President Barack Obama speaks in the East Room of the White House in Washington, Monday, July 9, 2012. Facing sagging jobs numbers, President Barack Obama seeks to recast the election as a debate over tax fairness, calling for a temporary tax cut extension but just for low and middle income earners. The president�s pitch is aimed at painting Mitt Romney as a protector of the rich while ramping up questions about the Republican challenger�s own wealth. (AP Photo/Susan Walsh)
(CBS News) ST. PETERSBURG, Fla. - We've been bringing you our conversations with the presidential candidates. We started with a week of interviews with Mitt Romney and his wife, Anne, during the Republican National Convention.
This week, we've been talking to President Barack Obama about whether he can get bipartisan support in a second term, the kind of cooperation that was lacking when Mr. Obama and Republican House Speaker John Boehner failed to reach agreement on the budget, an agreement that they called the "grand bargain."
President Obama sat down with Scott Pelley during his bus tour in Florida earlier this week and talked about how he would continue to work with the highly partisan political atmosphere on the Hill if elected for a second term.
In an excerpt of that interview that aired Thursday, President Obama said he feels the race is way too close to know for sure if he is re-elected, but said he is counting on the American people to send a message to Washington.
Scott Pelly: You're calling for cooperation in Washington, but if you're re-elected, John Boehner will still be Speaker of the House. Paul Ryan will still be the chairman of the Budget Committee. How will anything change in Washington if all the players the same, including yourself?
President Barack Obama: Well, first of all, we don't know what's going to happen in re-election, in my election or anybody else's, so we don't want to take that for granted. But let's assume that I'm re-elected and the House Republicans are still in charge. I think it's important to point out that even with all the back-and-forth that's taken place this year, we've got a lot of stuff done. We have cut a trillion dollars from our deficit because of an agreement that I made with Speaker Boehner that got passed and got signed. My sense is that the message that will be sent by voters this time out -- if I'm reelected -- will be: "We're not satisfied with the pace of progress, but we do think that the ideas the president has presented are the right ones. And we'd like to see greater cooperation." I don't expect that I will get 100 percent cooperation. But 50 percent, 60 percent wouldn't be bad.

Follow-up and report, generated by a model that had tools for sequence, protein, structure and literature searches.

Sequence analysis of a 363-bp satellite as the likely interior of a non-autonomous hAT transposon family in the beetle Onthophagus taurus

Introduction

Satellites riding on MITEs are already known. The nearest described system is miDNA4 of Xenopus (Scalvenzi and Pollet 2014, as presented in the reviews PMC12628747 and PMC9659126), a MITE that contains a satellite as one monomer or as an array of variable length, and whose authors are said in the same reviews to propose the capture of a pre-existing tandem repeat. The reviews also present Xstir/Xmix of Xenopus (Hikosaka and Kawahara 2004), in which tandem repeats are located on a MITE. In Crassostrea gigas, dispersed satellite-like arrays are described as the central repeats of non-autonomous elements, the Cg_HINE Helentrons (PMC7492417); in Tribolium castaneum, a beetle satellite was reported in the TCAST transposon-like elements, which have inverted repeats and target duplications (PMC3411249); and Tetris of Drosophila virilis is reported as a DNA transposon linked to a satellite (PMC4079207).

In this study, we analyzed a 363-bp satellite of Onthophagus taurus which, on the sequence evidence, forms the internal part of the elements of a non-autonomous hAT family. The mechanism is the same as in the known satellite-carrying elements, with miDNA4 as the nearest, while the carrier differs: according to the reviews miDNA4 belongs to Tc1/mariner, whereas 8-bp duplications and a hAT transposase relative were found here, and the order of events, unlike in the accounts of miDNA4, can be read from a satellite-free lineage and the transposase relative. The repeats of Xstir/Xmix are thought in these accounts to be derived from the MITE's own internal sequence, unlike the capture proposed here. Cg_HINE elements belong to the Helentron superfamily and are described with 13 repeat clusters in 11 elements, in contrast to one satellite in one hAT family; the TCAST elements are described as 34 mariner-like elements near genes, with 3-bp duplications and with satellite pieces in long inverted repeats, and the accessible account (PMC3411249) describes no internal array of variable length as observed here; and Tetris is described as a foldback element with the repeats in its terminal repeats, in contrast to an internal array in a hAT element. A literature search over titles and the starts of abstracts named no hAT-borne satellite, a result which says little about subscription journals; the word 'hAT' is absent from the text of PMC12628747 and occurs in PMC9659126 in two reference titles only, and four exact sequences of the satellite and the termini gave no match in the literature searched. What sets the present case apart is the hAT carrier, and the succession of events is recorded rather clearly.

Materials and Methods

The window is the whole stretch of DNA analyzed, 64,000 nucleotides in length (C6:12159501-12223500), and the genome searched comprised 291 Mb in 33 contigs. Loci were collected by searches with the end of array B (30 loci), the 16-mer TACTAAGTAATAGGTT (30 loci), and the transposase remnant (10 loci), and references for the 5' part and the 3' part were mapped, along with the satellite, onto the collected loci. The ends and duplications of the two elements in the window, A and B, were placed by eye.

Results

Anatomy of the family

Pelley: But if you win, will you be willing to compromise? What are you willing to give in order to complete this grand bargain on the budget that had failed?
President Obama: Keep in mind that the trillion dollars that we cut, you know, was a painful exercise. There are some programs that are worthy, but we just can't afford right now. There's still are still programs that don't work. There are still ways that we can make it leaner and more efficient. So I'm, you know, more than happy to work with the Republicans. What I've said that in reducing our deficits, we can make sure we cut two-and-a-half dollars for ever dollar increase in revenue.
Pelley: That's the deal they turned down, Mr. President.
President Obama: That's part of what this election's about.
Pelley: Do you think there's a reasonable chance that you could lose this election?
President Obama: Oh, absolutely. I mean this is going to be a close race. And I'm running in in an environment where the economy isn't where it needs to be. I take nothing for granted. I'm going to be working my tail off, trying to present a clear choice to the American people. And the one thing I hope I'm able to communicate in this campaign is what my values are, what my plan is, but also that I'm not tired. That I am as eager every morning and as determined as I've ever been to work as hard as I can on behalf of the American people.
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